In total, Spark manages $3 billion in investment funds. Its fifth venture fund will have a first-close target of $400 million.
Stacy Cowley, Reporter, The New York Times
Indiegogo is a popular crowdfunding site that enables small venture capitalists to invest personal money into promising and creative ventures. The major crowdfunding site is the first to take advantage of a new securities rule, which allows “ordinary investors to risk up to a few thousands dollars a year backing private companies.”
Before the rule was passed, only accredited investors, or those with an annual income greater than $200,000 or net worth of $1 million, could invest personal funds in these riskier ventures. With the passage of the new rule, crowdfunding backers can own equity stakes in the companies they invest in.
The new rule addresses an issue raised during Oculus’ acquisition by Facebook. Oculus raised millions of dollars on crowdfunding sites during its early investment stages. The startup used the investments raised by crowdfunding backers to prove to venture capitalists that there was a market demand for its products. Investors poured money into the company, and Facebook subsequently acquired Oculus. The firm’s original crowdfunding backers reaped no gains; angel and venture capital investors took home the profits.
Anil Gupta and Haiyan Wang, Contributors, Harvard Business Review
The Boston-Cambridge and Bay Area have histories in technology entrepreneurship and venture capital (VC). However, since the 1990s, Silicon Valley has consistently snatched a larger share of all VC investments in the US than its Northeastern counterpart. New England’s share in VC investments plateaued at roughly 10 percent. Meanwhile, the Bay Area’s share of VC investments has grown from 22.6 percent to just over 50 percent.
HBR’s Gupta and Wang identify cultural factors and state-level policies as possible explanations for the divergence between the two coastal VC hubs. For example, Massachusetts, unlike California, allows businesses to include noncompete covenants in their employment contracts. Noncompete covenants offer company loyalty, but they can also remove the need for fast-paced innovation that many Silicon Valley entrepreneurs face.
Additionally, New England and Silicon Valley differ in the type of investors and companies that they attract. The Northeast dominates in the life sciences; in the first three quarters of 2016, 60 percent of New England investments involved ventures focused on biotechnology and medical devices. Silicon Valley, on the other hand, is home to many of the startups that develop platform technologies integral to the digital age.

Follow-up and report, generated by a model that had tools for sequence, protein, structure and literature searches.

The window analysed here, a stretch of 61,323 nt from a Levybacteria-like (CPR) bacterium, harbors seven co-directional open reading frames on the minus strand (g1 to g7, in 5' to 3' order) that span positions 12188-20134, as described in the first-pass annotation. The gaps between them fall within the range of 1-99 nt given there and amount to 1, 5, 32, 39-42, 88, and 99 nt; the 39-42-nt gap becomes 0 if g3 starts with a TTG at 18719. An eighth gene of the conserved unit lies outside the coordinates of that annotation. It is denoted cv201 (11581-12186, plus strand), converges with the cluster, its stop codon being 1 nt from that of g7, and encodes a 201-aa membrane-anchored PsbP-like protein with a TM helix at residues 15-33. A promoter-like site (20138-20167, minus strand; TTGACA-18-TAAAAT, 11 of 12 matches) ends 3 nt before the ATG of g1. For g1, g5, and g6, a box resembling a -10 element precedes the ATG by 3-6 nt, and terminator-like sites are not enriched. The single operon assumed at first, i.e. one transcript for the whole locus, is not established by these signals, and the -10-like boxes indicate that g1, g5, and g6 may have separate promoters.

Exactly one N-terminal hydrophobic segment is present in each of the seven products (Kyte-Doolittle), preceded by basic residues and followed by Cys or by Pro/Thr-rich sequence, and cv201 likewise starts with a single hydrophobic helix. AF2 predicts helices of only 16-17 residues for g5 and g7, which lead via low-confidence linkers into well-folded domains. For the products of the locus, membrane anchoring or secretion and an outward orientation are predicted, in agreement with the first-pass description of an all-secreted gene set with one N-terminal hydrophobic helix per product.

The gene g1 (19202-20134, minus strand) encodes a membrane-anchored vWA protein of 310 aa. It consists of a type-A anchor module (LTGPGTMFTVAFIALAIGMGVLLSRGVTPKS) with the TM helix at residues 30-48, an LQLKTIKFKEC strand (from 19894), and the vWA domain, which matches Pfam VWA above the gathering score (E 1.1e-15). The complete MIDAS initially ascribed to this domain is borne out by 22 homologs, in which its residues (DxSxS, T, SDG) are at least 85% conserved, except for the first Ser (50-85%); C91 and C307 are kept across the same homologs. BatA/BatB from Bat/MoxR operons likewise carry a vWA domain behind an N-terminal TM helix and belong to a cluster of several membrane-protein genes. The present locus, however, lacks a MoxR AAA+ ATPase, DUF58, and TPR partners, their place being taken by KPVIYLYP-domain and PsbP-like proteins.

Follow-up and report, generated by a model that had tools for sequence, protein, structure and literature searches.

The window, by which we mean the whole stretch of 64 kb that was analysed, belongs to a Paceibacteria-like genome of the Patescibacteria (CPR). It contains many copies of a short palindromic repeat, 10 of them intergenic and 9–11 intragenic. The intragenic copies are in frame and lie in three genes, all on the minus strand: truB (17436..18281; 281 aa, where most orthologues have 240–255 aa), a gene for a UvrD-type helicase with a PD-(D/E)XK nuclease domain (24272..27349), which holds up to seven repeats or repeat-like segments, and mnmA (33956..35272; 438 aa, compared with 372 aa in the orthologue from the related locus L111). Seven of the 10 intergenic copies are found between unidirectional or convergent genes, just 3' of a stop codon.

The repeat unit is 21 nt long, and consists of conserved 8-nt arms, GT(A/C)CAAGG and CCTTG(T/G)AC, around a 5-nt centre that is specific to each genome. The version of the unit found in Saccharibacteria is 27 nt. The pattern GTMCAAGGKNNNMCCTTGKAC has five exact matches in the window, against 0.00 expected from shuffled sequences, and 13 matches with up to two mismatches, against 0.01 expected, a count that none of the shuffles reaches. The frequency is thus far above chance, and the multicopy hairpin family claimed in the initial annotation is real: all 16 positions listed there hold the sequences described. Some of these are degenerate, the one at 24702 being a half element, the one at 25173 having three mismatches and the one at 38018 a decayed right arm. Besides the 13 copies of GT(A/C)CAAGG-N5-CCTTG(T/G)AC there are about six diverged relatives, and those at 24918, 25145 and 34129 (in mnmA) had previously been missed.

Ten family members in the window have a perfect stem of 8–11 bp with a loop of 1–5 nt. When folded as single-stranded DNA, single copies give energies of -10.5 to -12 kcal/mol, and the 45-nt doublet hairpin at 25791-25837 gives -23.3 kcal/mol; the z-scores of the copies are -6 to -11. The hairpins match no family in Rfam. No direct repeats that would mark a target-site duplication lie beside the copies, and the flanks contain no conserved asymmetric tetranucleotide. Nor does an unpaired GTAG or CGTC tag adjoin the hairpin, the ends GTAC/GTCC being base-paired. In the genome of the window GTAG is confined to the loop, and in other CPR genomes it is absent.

According to Gupta and Wang, California’s stronghold on the digital and tech industry has resulted in a “growing agglomeration effect.” Increasingly, entrepreneurs are migrating to or launching their businesses in the Bay Area to gain access to these synergies that come from being immersed in the world’s greatest entrepreneurship ecosystem.
And in startup news…
Tomio Geron, Reporter, The Wall Street Journal
San Francisco-based Womply raised $30 million in its most recent round of financing, bringing its funding total up to $50 million since 2011.
The startup’s platform offers a “web-based suite of software tools” that allows small businesses to analyze performance data on sales, marketing, consumer behavior, revenue and online reputation.
Womply serves a diverse set of clients, ranging from salons to legal firms, but focuses on supporting service-oriented small business. The startup allows small businesses to gain valuable insights into their performance and consumer base. President Cory Capoccia says Womply is helping small businesses increase their efficacy “by “building technology to help grow, protect and simplify running small businesses.”
Carlin Cherry, Research Assistant, McNair Center for Entrepreneurship and Innovation
East-West Tea is a student-run business that sells boba tea to Rice University students. Initially developed as a project for an undergraduate marketing class, East-West launched operations last month. The McNair Center’s Carlin Cherry interviews operations manager Andrew Maust.